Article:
Nothing says Independence Day like the American flag, and with the right touches, it can be the perfect bold centerpiece in your home.
Making your own flag doesn't have to break the bank. As part of TODAY's "Nailing It series," we are breaking down this DIY into easy-to-follow steps. Soon, you can have your own weathered, avant-garde flag for around $40.
- Scrap wood planks
- Electric drill
- Screws (size depends on thickness of wood)
- Red, white, blue and brown acrylic paint
- 2-inch paintbrush
- Star-shaped stickers
- D-ring hangers
- Sand paper, optional
Visit your local hardware store's lumber section and find scrap wood sold by the bundle. Cedar is a great option because it is lightweight and has a warm brown color that makes the paint stand out.
Aim to find planks that are roughly 3/4-inch thick. Those pictured below are roughly 18 inches x 4 inches.
Form a rectangle with your planks. It may take a bit of rearranging to match up the inner corners and get the right fit, but the outer edges look better if they're rough and uneven. For reference, this flag is 54 inches x 30 inches.
Make sure you have 4 to 6 extra planks for the back braces. Align them over the joints and screw them into each plank so that they are all connected. Make sure your screws are small enough that they do not pierce the other side.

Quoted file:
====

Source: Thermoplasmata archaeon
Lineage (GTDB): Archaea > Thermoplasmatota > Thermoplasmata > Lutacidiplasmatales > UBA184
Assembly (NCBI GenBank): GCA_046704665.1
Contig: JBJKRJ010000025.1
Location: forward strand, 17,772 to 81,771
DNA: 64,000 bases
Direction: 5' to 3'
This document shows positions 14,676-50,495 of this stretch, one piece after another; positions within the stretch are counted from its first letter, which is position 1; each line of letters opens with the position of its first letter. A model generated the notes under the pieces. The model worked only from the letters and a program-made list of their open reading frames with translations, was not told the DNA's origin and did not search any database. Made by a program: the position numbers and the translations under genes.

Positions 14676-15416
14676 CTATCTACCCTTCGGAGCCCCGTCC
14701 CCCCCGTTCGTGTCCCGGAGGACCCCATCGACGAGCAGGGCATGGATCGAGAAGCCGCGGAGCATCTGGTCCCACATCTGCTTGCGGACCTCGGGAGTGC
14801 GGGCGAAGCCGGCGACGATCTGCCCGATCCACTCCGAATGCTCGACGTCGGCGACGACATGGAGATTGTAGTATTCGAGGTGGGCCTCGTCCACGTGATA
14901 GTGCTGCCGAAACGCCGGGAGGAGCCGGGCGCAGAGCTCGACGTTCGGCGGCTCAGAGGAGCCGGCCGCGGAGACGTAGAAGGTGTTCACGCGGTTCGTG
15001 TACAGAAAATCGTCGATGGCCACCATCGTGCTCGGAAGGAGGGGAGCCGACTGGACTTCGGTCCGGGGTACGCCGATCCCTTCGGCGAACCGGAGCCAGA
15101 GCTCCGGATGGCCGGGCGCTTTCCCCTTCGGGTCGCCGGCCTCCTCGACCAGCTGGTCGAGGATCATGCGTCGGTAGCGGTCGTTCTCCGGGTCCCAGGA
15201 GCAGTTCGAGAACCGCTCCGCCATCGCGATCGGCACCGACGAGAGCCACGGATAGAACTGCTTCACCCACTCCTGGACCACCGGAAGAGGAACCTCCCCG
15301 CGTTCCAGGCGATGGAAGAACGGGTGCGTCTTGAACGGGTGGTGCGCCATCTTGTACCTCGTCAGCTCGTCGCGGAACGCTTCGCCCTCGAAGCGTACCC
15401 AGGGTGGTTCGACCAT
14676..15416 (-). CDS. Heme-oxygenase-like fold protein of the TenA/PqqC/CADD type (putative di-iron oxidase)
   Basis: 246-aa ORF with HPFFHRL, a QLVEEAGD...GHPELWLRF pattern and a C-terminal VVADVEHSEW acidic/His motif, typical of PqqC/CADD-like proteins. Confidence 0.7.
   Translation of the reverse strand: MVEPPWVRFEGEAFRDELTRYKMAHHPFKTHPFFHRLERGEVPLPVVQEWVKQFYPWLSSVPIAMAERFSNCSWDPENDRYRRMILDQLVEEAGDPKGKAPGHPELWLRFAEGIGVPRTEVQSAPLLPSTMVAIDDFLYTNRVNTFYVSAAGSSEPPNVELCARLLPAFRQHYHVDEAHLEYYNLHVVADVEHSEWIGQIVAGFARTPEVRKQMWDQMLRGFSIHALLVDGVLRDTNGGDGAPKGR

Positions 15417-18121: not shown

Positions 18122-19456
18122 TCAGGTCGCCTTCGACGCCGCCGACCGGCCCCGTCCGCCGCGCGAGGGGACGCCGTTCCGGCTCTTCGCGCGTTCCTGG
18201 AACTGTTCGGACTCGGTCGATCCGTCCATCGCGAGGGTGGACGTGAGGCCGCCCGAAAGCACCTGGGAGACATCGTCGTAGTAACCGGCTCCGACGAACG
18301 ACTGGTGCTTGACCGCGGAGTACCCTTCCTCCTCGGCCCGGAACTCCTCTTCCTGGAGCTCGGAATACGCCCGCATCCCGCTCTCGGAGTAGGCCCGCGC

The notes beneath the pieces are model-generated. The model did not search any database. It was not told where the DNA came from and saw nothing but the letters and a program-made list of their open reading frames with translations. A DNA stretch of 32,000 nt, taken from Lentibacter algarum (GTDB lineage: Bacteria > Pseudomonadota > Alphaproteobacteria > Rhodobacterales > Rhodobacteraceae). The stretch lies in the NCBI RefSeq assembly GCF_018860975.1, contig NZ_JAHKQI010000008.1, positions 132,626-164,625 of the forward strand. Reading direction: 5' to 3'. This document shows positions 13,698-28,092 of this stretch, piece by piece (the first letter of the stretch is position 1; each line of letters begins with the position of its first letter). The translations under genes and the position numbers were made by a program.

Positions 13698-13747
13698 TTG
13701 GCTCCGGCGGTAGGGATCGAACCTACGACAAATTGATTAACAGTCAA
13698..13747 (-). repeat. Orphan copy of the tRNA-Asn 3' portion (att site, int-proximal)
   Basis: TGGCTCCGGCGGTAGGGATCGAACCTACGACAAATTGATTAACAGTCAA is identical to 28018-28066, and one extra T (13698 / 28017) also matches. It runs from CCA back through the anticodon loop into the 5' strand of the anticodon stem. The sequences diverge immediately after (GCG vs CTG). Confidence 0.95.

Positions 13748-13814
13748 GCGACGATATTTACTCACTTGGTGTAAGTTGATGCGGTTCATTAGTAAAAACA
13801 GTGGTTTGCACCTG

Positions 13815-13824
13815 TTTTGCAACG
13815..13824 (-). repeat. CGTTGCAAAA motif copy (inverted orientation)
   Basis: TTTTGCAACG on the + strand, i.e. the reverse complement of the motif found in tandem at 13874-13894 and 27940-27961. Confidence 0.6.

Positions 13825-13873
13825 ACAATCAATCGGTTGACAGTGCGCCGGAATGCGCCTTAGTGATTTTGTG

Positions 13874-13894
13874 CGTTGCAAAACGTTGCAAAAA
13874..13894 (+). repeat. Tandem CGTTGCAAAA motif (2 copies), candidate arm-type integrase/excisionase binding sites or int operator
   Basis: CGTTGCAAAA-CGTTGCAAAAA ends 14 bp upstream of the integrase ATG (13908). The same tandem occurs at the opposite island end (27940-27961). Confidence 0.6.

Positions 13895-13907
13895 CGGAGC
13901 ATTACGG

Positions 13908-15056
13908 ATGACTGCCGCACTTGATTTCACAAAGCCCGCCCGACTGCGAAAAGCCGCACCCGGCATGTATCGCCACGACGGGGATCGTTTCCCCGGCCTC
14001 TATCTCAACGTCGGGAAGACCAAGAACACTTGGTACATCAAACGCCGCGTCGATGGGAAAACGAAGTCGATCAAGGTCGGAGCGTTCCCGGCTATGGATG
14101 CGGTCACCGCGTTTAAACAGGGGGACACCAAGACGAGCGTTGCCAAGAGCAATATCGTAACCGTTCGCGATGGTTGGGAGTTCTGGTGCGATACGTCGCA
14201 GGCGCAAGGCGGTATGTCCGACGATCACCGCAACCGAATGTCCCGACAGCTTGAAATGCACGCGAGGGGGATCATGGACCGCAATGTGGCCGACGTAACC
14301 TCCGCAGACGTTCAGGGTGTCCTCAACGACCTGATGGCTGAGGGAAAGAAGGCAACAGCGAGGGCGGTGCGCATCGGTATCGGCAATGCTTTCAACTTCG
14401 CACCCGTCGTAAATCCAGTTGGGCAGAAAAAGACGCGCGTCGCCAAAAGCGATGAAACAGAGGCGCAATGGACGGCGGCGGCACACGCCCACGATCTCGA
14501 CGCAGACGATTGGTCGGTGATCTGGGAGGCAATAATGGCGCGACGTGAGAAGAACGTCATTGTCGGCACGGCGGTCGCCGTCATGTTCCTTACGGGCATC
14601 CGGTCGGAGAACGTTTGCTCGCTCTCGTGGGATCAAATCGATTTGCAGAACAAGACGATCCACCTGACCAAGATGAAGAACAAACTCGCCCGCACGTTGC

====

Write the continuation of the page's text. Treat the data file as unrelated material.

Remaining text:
Flip it over and dry brush the entire piece white, leaving plenty of cedar exposed.
Apply the paint using a dry brush, using just enough paint to coat the brush and do not use water. The result is a weathered, rough look.
For the stars and stripes, you can find the exact dimensions here, but it's okay if it's not perfectly to scale.
To make the stripes, divide the height of the flag by 13 to determine the size of each stripe, then pencil them in. Beginning at the top stripe, apply tape along every other set of pencil lines so that each red stripe has the same width. (The tape will cover what will be the white stripe.)
Mix in a small amount of brown paint with your red and blue for a more antique look. Use the same dry brush painting technique.
Use stickers for the stars to preserve the white paint beneath as you paint the blue in that portion of the flag. Simply lay out the stickers in place, then paint the entire "star area" blue. When you're finished painting, peel off the stickers to reveal white stars.
When the entire piece of wood is dry after painting, you can use sand paper to roughen the paint up more, adding to the weathered appearance.
To give more of an aged look, mix one-part brown paint with five-parts water. Brush a light layer of this over the entire piece.
Apply D-ring hangers to the back for hanging.
Now all that's left is to hang it on your wall as you sing "Yankee Doodle!"